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All About Fuel Economy, Horsepower, and Weight Trends

Brent Dunn
by Brent Dunn
October 28, 2014
1 min. Reading Time
2015 mazda mazda3

2015 mazda mazda3

The Environmental Protection Agency (or EPA) recently release an interesting report titled “Light-Duty Automotive Technology, Carbon Dioxide Emissions, and Fuel Economy Trends: 1975 Through 2014”. While Mazda was quick to let us know that the report shows they have the most economical lineup for the second year in a row, it also provides some interesting insights into fuel economy, weight, performance, and technology trends across the market.

As you may have expected, cars are getting larger and heavier. From model year 2012 to model year 2013, average vehicle footprint increased by 0.4 square feet (or 0.8%). In 2013 the average gasoline and diesel vehicle weight was 4,015 pounds, which was an increase of 38 pounds (or 1.0%) when compared to model year 2012. Vehicles in 2013 were also more powerful, gaining 5 horsepower (2.3%), more than enough to offset the extra size and weight, and decreasing average 0 to 60 mph acceleration times by 0.1 of a second. Thanks to some new technology, 2013’s faster and bulkier cars were still 0.5 miles per gallon more economical than 2012’s, with an average fuel economy of 24.1 MPG (27.6 MPG for cars and 19.8 MPG for trucks).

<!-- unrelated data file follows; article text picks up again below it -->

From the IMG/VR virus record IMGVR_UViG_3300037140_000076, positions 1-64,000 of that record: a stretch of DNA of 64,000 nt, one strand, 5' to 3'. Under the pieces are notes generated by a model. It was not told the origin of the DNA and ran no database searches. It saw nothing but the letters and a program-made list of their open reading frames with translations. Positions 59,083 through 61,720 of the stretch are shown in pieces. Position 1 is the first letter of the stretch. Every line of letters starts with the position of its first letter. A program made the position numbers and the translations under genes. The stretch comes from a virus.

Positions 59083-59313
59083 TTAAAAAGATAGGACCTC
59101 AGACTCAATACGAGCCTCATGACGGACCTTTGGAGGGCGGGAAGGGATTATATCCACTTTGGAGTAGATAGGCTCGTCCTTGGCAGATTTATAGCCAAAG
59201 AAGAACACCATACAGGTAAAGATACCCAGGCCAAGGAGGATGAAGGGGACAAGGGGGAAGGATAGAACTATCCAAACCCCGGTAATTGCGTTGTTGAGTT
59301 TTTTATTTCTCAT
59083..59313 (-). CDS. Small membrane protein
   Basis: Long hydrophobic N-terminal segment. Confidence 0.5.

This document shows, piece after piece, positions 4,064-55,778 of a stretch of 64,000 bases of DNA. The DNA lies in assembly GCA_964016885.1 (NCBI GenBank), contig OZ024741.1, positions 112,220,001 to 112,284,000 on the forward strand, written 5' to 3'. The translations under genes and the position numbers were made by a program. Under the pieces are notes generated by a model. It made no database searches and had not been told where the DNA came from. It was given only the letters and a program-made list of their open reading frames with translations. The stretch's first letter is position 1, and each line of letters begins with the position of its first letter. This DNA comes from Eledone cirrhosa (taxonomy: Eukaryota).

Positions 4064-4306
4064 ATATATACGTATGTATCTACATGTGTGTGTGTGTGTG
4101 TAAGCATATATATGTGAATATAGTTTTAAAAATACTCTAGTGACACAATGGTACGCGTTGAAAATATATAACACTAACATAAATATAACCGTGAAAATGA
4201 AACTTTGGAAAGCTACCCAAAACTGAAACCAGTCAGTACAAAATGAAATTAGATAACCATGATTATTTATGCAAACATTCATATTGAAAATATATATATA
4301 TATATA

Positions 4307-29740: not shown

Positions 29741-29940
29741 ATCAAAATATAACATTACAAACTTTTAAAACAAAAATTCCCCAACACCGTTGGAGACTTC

2013 marked the first time that CO2 emissions and fuel economy have improved in 8 out of 9 consecutive years, reversing a long negative trend that ran from model year 1987 to model year 2004. CO2 emissions have dropped by 20% since 2004, while fuel economy has increased by 4.8 MPG (or 25%), with an average increase of around 0.5 MPG a year. Overall, in 2013 Mazda (28.1 MPG) had the highest average fuel economy on the list, followed by Honda (27.4 MPG), and then Subaru (26.7 MPG). Chrysler-Fiat (20.9 MPG) occupied the bottom of the list, with GM (22.0 MPG) and Ford (22.2 MPG) slightly above them.

For model year 2014 the preliminary data suggests that average weight will remain relatively unchanged, and horsepower will increase slightly to a record high. Average fuel economy will only see a marginal improvement to 24.2 MPG. Nearly all 2014 vehicles will feature variable valve timing and multi-valve engines. Gasoline direct injection engines will power 38% of model year 2014 vehicles, up from 4% in 2009, a nearly tenfold increase, while turbocharged engines have seen their share increase by a factor of 5.

In 2009 continuously variable transmissions (CVTs) and traditional transmissions with 6 or more speeds accounted for 37% of vehicle production, while over 90% of vehicles are projected to be fitted with one of these transmissions in 2014. CVTs and transmissions with 7 or more speeds are projected to be found in 30% of vehicles. Some technologies are lagging behind, including cylinder deactivation, hybrid powertrains, and diesel engines, though in 2014 there will still be around twice as many diesel and hybrid vehicles on sale as their was in 2009.

The numbers also indicate that 34% of model year 2014 vehicles would be able to meet 2016 CO2 emissions, or should be able to meet them with expected future air conditioning improvements. Around 4% of projected 2014 vehicles (hybrids, plug-in hybrids, and electric vehicles) would meet the model year 2025 CO2 targets, which are over a decade away, leaving the manufacturers with some time to meet the updated standards.



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